Posts Tagged ‘Jakarta Post’

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For Balinese, Soon There May Be No Time Left For Work

January 9, 2012

Anyone who has visited Bali is struck by the number of ceremonies performed every day. From the thrice-daily canang sari – small baskets of rice, flowers and incense offered to the gods in gratitude for the richness of life, to full-scale temple ceremonies, weddings and cremations. It is an inescapable part of Balinese culture, woven into the very fabric of society, and of Bali life itself.

Those who live in Bali – and who employ Balinese staff – will also know that these essential rituals take priority over almost all other day-to-day activities, including work. Some house staff and employees have developed enough of a work ethic to give their employers at least some notice of forthcoming absences. However, many don’t, either not showing up for work at all, or calling two minutes before the work day starts with the catch-all excuse, “Sorry, family ceremony today.” Or, “Can not work today, grandmother cremation …”

Sometimes it’s even true. But even if one possesses the gullibility of a brand-new tourist and the compassion of Mother Teresa, it’s still hard to remain a bastion of understanding when a ‘bereaved’ staff member’s mother has supposedly died for the third time since they started working for you.

But discounting the inevitable opportunistic days off, the legitimate ceremonies which place constant demands on the Balinese are frequent, time-consuming and expensive. A recent report from Al Jazeera claimed that Balinese were now spending one third of their income on ceremonies. In a video clip about this trend, Bali’s Governor Made Mangku Pastika expressed concern about the financial load on families who were already close to the minimum wage.

As reported in The Jakarta Post, Pastika went even further in an address to a Balinese Hindu organisation on Christmas Day, claiming that, unlike some other religions whose actions concentrated on “helping the poor, improving education and providing healthcare to the disadvantaged”, Balinese Hindus spent most of their energy on the ritualistic elements of their religion. He is reported to have said that they were so fixated on offerings to the gods and to natural forces that they were neglecting their fellow human beings.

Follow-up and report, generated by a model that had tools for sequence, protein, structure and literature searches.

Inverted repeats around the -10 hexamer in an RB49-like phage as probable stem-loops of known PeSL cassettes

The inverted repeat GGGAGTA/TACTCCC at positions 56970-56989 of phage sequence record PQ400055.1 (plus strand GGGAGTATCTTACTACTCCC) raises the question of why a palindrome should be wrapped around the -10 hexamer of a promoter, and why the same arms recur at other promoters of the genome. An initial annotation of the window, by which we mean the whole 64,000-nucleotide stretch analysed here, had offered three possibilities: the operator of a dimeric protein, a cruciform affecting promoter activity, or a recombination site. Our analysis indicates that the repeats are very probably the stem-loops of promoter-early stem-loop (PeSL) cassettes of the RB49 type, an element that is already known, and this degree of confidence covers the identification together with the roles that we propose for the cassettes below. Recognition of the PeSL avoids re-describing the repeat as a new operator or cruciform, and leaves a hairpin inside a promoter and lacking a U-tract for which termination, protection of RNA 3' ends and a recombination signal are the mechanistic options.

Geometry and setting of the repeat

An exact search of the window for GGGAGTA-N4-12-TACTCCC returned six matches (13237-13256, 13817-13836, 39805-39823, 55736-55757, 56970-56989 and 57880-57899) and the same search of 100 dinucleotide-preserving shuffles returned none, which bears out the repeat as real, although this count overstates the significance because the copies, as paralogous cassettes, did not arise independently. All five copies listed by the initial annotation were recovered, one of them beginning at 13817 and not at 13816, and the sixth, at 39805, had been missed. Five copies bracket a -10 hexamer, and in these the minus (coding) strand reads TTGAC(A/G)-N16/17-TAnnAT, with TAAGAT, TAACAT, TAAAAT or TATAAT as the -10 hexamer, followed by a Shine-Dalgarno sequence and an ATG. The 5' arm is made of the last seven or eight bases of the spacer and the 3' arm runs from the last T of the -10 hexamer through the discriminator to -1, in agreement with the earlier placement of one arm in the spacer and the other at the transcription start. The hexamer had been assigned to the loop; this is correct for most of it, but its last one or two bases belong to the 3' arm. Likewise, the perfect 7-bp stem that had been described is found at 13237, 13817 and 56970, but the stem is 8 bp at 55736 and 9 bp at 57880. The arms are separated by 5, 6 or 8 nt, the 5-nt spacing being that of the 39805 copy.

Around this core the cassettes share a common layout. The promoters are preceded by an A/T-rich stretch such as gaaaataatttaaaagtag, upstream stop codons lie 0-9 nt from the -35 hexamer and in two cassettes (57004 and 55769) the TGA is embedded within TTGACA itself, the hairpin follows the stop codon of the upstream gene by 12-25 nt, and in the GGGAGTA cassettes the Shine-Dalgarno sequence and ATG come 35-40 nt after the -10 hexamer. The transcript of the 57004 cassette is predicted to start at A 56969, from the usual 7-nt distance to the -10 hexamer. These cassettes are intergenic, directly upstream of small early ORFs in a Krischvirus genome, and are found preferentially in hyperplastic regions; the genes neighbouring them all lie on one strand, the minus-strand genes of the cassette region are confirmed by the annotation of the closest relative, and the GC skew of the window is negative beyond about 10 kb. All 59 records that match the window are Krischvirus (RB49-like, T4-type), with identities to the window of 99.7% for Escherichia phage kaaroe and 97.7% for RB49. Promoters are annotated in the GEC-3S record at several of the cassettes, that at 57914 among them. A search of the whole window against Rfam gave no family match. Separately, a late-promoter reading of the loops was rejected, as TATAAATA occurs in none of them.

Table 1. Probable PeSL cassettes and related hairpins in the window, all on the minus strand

Strong words. Without entering into a debate about the expression of any particular religion, it is clear that these ceremonies do take up a lot of participants’ time and money, and that they do tend to take priority over mundane aspects such as work. The impact on family finances, on their workplace’s profitability, and therefore on the broader Bali economy are undeniable.

Given Governor Pastika’s views, it was somewhat of a shock to read in the paper that he has just signed off on eighteen new religious holidays for Bali. These new local holidays are “to allow Hindus to perform their various religious activities,” according to I Ketut Teneng, a spokesman for the provincial government. These are in addition to the thirteen existing regional holidays and the five official joint leave days. So the Bali workforce now has 36 official days off – twice that existed previously. But that is just the tip of the iceberg.

There are many additional ceremonies that are not on the official calendar, but equally important. Many Balinese homes feature a small temple – and each temple has an Odalan ceremony which is held on the anniversary of its consecration. An ‘anniversary’ in Bali is not necessarily held annually. The Wuku calendar system here may well mean a celebration occurs every 210 days. In addition, local villages and community areas have their own temples as well, and obligations exist to honour festivals for these too. Depending on the size and importance of the temple, each festival can continue for between one and eleven days.